Making Maple Syrup at Caumsett State Park

Posted on January 15, 2012

Visited this park for the first time today, not to go walking, but for a community education event about Maple Syrup. I had hoped to go walking before the event, but it was way too cold and windy out — the high was only 26F!

So I went straight to the restored barn where the naturalist was giving the discussion. Most people had cancelled and so there were only four of us attending. Still, we were given the same program as if all 20-something folks had come. It was quite interesting.

We learned we could actually make syrup from our own maple trees. The basic procedure is quite simple: you find the tree, you make a small hole in the side, and you insert a kind of tube — we made one during the tutorial of wood, but you can buy one of plastic or metal, it is no bigger than 1/4 inch wide, and maybe 3 – 4 inches long. And you won’t harm the tree, as long as follow some straighforward guidelines. You need to make the hole in a different place each year, and and only one hole per tree — and the tree needs to be at least as wide as the size of your head before you can tap it. So, you kind of hammer this tube into the hole, then you hang a bucket or a bottle there so that the end of the tube goes into the bucket/bottle, and you wait.

You need to check it once a week or so (depending on the size of your bucket/bottle), and once there is a thawing, the sap will come out into the bucket. Technically what happens is that when it begins to freeze the tree pushes its sap down into the roots, then when it defrosts the sap flows back up into the tree (it is only during this process that you can extract the sap because it is actually “flowing” thru the tree as it goes from roots back to branches. The period that gives sap is January and February when there is a cycle of freezing and defrosting, it ends some time in March.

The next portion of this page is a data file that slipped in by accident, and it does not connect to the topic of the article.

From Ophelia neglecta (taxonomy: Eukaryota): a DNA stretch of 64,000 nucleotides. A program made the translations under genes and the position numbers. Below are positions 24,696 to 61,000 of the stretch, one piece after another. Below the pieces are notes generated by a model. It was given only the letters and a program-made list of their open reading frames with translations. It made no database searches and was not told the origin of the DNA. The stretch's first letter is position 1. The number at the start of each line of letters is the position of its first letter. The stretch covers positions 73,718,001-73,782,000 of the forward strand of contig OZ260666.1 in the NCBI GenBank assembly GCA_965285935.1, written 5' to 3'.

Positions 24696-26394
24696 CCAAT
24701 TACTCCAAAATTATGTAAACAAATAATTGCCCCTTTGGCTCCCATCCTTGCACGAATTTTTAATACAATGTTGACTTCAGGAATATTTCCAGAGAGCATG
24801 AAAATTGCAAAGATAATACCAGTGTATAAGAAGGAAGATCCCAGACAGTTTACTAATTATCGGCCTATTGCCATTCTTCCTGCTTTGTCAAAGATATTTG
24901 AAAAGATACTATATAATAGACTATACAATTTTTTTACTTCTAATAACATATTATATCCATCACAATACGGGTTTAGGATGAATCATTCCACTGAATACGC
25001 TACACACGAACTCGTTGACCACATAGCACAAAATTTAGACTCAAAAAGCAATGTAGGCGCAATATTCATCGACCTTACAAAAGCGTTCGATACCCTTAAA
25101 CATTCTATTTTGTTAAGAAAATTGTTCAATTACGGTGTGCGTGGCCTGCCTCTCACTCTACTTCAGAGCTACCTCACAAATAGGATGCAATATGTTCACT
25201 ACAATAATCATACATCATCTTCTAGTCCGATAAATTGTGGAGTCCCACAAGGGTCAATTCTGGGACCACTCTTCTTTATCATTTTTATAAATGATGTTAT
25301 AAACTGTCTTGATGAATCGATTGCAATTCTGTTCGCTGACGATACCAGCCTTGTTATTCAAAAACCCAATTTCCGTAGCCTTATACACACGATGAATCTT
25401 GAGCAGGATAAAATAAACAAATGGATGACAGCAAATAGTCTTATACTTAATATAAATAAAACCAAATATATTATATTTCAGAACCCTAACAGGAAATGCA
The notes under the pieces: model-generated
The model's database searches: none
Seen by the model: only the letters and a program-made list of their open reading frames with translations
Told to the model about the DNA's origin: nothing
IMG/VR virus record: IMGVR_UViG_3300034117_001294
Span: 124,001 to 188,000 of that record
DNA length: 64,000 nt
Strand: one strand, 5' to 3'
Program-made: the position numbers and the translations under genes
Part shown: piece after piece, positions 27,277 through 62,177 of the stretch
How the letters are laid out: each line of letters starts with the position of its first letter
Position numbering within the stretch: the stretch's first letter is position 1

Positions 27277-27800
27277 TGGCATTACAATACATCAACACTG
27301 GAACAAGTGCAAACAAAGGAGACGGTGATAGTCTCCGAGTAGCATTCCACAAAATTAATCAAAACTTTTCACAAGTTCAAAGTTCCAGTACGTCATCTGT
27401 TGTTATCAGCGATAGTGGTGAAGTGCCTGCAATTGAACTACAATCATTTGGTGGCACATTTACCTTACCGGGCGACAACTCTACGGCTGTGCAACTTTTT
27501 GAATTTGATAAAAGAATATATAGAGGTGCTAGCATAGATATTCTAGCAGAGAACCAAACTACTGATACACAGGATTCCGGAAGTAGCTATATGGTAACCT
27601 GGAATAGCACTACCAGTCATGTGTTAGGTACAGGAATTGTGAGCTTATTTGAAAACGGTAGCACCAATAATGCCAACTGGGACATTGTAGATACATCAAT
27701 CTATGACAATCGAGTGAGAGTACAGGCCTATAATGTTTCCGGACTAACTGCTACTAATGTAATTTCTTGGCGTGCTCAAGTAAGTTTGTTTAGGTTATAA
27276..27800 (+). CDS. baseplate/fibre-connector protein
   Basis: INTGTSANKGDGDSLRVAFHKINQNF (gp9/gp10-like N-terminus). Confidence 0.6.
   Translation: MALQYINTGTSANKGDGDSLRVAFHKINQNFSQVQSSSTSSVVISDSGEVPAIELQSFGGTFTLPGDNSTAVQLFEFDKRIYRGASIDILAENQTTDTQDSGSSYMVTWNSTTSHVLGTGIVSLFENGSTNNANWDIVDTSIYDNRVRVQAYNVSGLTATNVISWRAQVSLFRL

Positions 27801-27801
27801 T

The sap actually looks (and tastes) like water. It is mostly water in fact (98% water and 2% sugar). To get syrup you need to process the sap. This is where it gets more complicated. You need to collect the sap, put it in a pot and simmer it for hours (around 3+ hours) until the water has evaporated and you are left with syrup. You must be careful not to let it cook too long or it will burn. And don’t actually let it boil.

One gallon of sap will reduce down to just enough syrup for a serving of pancakes, so you need to collect a fair amount of sap to make a bottle of syrup!

RESOURCES: Caumsett Park Trail Guide | Caumsett State Park information | Caumsett Foundation

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